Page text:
Presenters discussed the effects of various management practices on carbon stocks, including afforestation, reforestation, deforestation, selective harvesting, conversion to no tillage agriculture, and fire management. While some effects have been consistently estimated in a range of experiments (such as the loss of soil carbon after agricultural cultivation), other effects varied based on species type, management practice, and age factors (e.g., the effects of forest harvest on soil carbon). Overall, speakers noted large uncertainty in the estimations of land use change and management effects on soil organic carbon stocks.
Afforestation following cropland uses was shown to increase soil organic carbon, and both fire suppression and afforestation can cause large increases in dead wood biomass and above-ground biomass. While the accumulation of dead wood biomass was shown in studies to plateau after the initial years of forest development, one speaker noted that above-ground biomass should not be assumed to plateau with age. It was noted that fire suppression can cause a forest to lose its resilience to a catastrophic fire, thereby causing a massive release of stored carbon and making the forest more vulnerable to a fire that completely alters the forest structure.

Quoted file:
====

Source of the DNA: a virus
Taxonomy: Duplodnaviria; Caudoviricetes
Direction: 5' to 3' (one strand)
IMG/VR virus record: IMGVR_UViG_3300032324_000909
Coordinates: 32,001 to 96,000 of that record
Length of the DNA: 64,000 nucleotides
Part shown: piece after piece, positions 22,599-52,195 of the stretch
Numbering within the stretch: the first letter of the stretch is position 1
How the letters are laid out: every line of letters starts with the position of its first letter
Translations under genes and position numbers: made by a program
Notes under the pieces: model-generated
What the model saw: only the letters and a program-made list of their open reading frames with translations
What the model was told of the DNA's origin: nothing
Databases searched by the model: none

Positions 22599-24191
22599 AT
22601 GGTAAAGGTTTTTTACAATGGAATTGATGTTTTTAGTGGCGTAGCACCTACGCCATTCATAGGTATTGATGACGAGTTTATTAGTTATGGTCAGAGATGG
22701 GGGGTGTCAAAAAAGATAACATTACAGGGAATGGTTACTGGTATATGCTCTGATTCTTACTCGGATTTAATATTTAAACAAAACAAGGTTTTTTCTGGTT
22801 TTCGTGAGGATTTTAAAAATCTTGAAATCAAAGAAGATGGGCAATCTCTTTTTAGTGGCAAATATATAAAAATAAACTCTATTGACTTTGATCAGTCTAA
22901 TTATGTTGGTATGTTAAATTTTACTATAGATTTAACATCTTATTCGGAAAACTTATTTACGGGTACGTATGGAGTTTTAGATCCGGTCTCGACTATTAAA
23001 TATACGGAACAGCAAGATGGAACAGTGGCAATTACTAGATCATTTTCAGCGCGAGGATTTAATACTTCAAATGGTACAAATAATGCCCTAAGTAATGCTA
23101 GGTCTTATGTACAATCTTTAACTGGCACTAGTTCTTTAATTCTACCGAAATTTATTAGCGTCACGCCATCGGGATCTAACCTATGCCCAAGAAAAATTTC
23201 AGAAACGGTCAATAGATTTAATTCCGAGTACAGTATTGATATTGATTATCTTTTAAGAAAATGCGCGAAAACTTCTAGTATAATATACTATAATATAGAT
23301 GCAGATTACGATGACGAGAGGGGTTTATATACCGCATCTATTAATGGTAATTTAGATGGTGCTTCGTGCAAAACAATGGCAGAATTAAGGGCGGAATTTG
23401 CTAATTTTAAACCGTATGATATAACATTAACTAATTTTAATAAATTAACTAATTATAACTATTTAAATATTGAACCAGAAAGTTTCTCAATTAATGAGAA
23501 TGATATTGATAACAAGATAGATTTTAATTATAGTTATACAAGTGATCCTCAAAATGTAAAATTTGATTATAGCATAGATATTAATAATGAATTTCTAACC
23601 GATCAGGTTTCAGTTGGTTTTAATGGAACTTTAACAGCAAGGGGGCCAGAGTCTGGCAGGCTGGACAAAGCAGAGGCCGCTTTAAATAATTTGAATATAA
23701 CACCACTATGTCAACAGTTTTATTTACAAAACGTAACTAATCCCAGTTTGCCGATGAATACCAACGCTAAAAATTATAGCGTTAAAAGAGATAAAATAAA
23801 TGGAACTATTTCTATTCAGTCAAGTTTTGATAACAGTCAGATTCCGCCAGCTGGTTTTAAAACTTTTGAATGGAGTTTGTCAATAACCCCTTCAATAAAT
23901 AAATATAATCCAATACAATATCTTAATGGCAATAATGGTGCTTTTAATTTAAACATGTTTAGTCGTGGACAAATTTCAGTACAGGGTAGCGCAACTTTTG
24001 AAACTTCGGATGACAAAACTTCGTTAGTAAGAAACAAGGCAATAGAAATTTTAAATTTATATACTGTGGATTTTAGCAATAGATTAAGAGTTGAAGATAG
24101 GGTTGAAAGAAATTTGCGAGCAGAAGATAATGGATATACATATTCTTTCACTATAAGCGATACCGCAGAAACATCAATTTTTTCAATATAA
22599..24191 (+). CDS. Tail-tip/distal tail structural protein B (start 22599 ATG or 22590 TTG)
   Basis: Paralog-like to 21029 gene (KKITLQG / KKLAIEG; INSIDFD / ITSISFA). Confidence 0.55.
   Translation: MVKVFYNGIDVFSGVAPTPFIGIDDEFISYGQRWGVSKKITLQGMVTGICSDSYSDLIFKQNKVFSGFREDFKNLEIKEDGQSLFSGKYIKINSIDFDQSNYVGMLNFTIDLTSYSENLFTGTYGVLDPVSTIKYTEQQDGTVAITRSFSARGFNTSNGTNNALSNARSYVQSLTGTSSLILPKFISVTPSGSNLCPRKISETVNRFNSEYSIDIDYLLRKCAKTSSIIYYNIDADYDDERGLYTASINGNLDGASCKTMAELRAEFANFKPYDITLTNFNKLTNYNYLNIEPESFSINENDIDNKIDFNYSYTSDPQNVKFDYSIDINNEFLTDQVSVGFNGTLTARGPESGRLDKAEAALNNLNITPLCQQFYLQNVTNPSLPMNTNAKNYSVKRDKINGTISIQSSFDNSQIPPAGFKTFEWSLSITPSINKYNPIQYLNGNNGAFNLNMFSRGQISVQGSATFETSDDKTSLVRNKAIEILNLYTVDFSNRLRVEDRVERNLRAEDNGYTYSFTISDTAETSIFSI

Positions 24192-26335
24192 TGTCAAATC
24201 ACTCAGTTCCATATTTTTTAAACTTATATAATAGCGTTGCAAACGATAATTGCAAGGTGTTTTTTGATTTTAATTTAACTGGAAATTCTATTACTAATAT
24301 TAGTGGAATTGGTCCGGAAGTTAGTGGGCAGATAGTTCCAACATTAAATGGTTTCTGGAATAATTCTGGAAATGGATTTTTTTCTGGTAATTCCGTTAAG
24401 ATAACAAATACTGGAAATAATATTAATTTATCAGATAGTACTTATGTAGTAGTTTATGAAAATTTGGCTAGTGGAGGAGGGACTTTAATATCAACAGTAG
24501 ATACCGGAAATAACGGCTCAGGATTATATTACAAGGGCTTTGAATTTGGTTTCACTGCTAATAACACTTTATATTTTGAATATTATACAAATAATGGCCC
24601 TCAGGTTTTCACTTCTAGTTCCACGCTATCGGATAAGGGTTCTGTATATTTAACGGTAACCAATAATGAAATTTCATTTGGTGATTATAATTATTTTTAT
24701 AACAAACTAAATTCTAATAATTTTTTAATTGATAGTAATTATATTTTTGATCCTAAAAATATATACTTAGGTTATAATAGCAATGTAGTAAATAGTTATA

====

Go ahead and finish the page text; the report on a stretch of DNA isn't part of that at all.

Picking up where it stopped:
Workshop participants also addressed a closely related question:
What is the efficacy and longevity of various carbon storage practices and technology?
Several speakers noted that proper management of carbon sinks can deliver enormous atmospheric and social benefits. For example, Watson stated that 0.4 Pg C/yr could be taken up (mostly through agroforestry) by non-Annex I
countries. Both the efficacy and the longevity of carbon storage practices depend greatly on previous land use history. Lands that lost more carbon due to previous land management have a greater potential to store carbon in the future, although soil carbon may reach a saturation point after a certain amount of time. Efficacy and longevity of carbon storage practices also depend on mean annual temperature, precipitation, and percent radiation.